Lbraries are used more often when they are located near where people live, work or shop.
There has been a lot of discussion lately regarding enhanced cooperation between city offices and agencies in Lewiston-Auburn. As an advocate and practitioner of L-A collaboration for many years, I welcome this renewed effort to look at sensible approaches to further these endeavors.
The Auburn and Lewiston public libraries have worked together for the last 40 years in search of better ways to serve our patrons and more cost-effective methods of operation. This has yielded a number of beneficial results, including free and open borrowing for residents of both cities using either library; expanded cultural programming, including the formation of L/A Arts; the BookReach volunteer program serving home daycares; and the recent step into the Minerva system allowing for Internet browsing of and requesting from each library’s holdings.
However, it has come to my attention lately that some of my friends and neighbors consider the construction of two expanded library facilities in Lewiston and Auburn a failing, or some sort of “missed opportunity.” This could not be further from the truth.
Yes, back in the early 1990s there was an L-A committee looking at the possibility of a joint library. And it is true that the group got bogged down in the question of just where to locate such a building. But what few people realize is that the joint library committee never fully explored the question of whether one library facility could adequately serve our two cities.
In researching other communities of 45,000 population or larger at that time, we identified (with the exception of Pawtucket, R.I.) no city in New England provided library service to their citizens from just one facility. They used multiple libraries to deliver the service. Even today, the Portland Public Library operates five neighborhood branches in addition to their downtown library.
The truth is, one library building could not adequately serve Lewiston-Auburn. People tend to use libraries more often when they are located near where they live, work or shop. And those who most need a public library typically have the least mobility – children, teens, and those of us not owning a car.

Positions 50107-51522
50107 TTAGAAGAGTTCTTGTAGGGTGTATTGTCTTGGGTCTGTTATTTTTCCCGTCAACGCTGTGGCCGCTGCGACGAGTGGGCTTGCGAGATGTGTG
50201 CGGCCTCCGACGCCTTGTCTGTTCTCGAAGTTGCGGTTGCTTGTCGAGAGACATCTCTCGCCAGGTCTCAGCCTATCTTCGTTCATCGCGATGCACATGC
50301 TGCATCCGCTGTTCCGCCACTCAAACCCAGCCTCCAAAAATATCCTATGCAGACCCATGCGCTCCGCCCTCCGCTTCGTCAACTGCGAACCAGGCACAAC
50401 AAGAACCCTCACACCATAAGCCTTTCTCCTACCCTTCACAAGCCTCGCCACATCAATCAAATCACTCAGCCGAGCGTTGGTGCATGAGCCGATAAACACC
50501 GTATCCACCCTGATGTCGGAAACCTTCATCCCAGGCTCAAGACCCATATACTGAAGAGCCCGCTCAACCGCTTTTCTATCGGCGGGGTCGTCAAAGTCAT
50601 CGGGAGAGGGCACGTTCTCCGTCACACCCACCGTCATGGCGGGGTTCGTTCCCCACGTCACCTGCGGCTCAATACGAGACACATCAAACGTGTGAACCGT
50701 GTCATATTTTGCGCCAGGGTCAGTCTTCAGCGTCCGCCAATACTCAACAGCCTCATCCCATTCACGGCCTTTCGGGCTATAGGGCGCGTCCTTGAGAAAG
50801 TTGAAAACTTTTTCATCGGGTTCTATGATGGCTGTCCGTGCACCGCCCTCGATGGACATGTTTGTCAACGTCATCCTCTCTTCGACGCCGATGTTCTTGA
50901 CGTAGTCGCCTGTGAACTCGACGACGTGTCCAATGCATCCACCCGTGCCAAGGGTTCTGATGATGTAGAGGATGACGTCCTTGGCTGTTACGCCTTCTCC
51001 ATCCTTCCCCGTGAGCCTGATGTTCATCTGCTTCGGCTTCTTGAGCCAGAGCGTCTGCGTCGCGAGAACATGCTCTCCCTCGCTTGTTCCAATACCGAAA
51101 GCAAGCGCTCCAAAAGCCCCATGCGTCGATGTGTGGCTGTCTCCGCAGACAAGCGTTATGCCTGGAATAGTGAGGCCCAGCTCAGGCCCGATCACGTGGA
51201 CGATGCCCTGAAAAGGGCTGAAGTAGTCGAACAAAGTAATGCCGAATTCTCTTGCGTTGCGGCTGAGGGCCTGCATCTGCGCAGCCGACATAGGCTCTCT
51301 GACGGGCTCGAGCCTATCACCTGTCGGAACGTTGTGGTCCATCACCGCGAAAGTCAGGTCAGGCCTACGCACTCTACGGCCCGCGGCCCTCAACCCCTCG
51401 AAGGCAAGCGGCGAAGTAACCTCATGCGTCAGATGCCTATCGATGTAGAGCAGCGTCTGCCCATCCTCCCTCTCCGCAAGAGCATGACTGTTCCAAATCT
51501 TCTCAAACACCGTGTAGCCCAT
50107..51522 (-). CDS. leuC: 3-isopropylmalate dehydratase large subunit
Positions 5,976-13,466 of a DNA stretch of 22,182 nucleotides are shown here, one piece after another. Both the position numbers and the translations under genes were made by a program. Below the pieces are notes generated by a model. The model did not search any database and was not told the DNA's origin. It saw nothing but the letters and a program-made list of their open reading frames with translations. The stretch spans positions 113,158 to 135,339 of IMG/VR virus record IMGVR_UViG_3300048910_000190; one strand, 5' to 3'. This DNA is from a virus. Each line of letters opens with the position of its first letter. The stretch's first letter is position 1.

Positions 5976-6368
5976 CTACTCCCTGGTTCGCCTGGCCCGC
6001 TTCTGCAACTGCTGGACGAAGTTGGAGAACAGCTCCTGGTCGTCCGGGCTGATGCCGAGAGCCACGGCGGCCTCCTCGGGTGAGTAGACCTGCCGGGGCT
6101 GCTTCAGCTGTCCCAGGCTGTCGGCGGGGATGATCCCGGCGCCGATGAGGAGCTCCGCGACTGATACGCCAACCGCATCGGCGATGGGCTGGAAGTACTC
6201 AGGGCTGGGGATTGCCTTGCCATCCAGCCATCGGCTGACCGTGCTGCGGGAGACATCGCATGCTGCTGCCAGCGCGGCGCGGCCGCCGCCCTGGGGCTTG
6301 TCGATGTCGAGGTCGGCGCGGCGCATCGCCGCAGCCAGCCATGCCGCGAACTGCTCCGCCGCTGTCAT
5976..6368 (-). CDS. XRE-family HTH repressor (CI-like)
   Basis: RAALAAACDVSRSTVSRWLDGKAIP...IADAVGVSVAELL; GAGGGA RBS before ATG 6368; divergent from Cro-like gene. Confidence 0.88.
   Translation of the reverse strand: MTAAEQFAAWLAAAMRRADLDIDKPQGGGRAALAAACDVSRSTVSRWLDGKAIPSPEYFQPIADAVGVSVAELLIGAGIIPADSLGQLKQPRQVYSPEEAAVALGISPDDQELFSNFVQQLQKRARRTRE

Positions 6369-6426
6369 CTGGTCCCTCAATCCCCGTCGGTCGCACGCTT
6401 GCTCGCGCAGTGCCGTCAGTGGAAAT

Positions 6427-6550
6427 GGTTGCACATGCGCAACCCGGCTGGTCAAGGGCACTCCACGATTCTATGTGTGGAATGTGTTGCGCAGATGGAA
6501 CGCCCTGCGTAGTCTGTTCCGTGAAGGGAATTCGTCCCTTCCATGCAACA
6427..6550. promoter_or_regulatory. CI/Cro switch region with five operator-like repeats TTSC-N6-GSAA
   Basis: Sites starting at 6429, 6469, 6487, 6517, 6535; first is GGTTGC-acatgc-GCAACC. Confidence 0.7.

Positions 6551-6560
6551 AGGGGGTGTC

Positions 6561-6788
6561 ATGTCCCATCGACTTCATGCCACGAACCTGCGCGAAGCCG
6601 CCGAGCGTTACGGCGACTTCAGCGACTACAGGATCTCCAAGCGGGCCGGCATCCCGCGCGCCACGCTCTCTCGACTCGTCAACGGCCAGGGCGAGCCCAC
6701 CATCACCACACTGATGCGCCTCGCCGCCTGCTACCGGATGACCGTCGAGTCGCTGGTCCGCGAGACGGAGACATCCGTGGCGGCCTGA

The public libraries in L-A are an important component of our educational infrastructure. Not all families have the same resources. For whatever reasons, not everyone begins on a successful educational path at age five. Some of us connect at 13, 20, or much later. Our libraries play a huge role in supporting a wide variety of learning patterns. In this age of the global marketplace where L-A is competing internationally for jobs, we must invest in educational opportunity if we are to have livable-wage employment for our children.
At the Lewiston Public Library we are also working on building community.
Our new Marsden Hartley Cultural Center provides spaces where individuals can gather to listen, learn, discuss and celebrate. In recent weeks these gatherings have included adults listening to planning expert Richard Barringer talk about the future of Maine, and teenagers enjoying music and poetry at an open mic coffeehouse. Two very different events, but at each we had well over 100 citizens interacting with their neighbors and celebrating learning and culture.
Lewiston and Auburn may still be separate cities, but we are one economic and cultural community – and a major one at that! The time for having one library administration may be near, but if we had made the mistake of building only one facility, it would have been another misstep of the past.
We should all take pride in the many ways that we are re-writing our history for tomorrow.
Rick Speer is director of the Lewiston Public Library.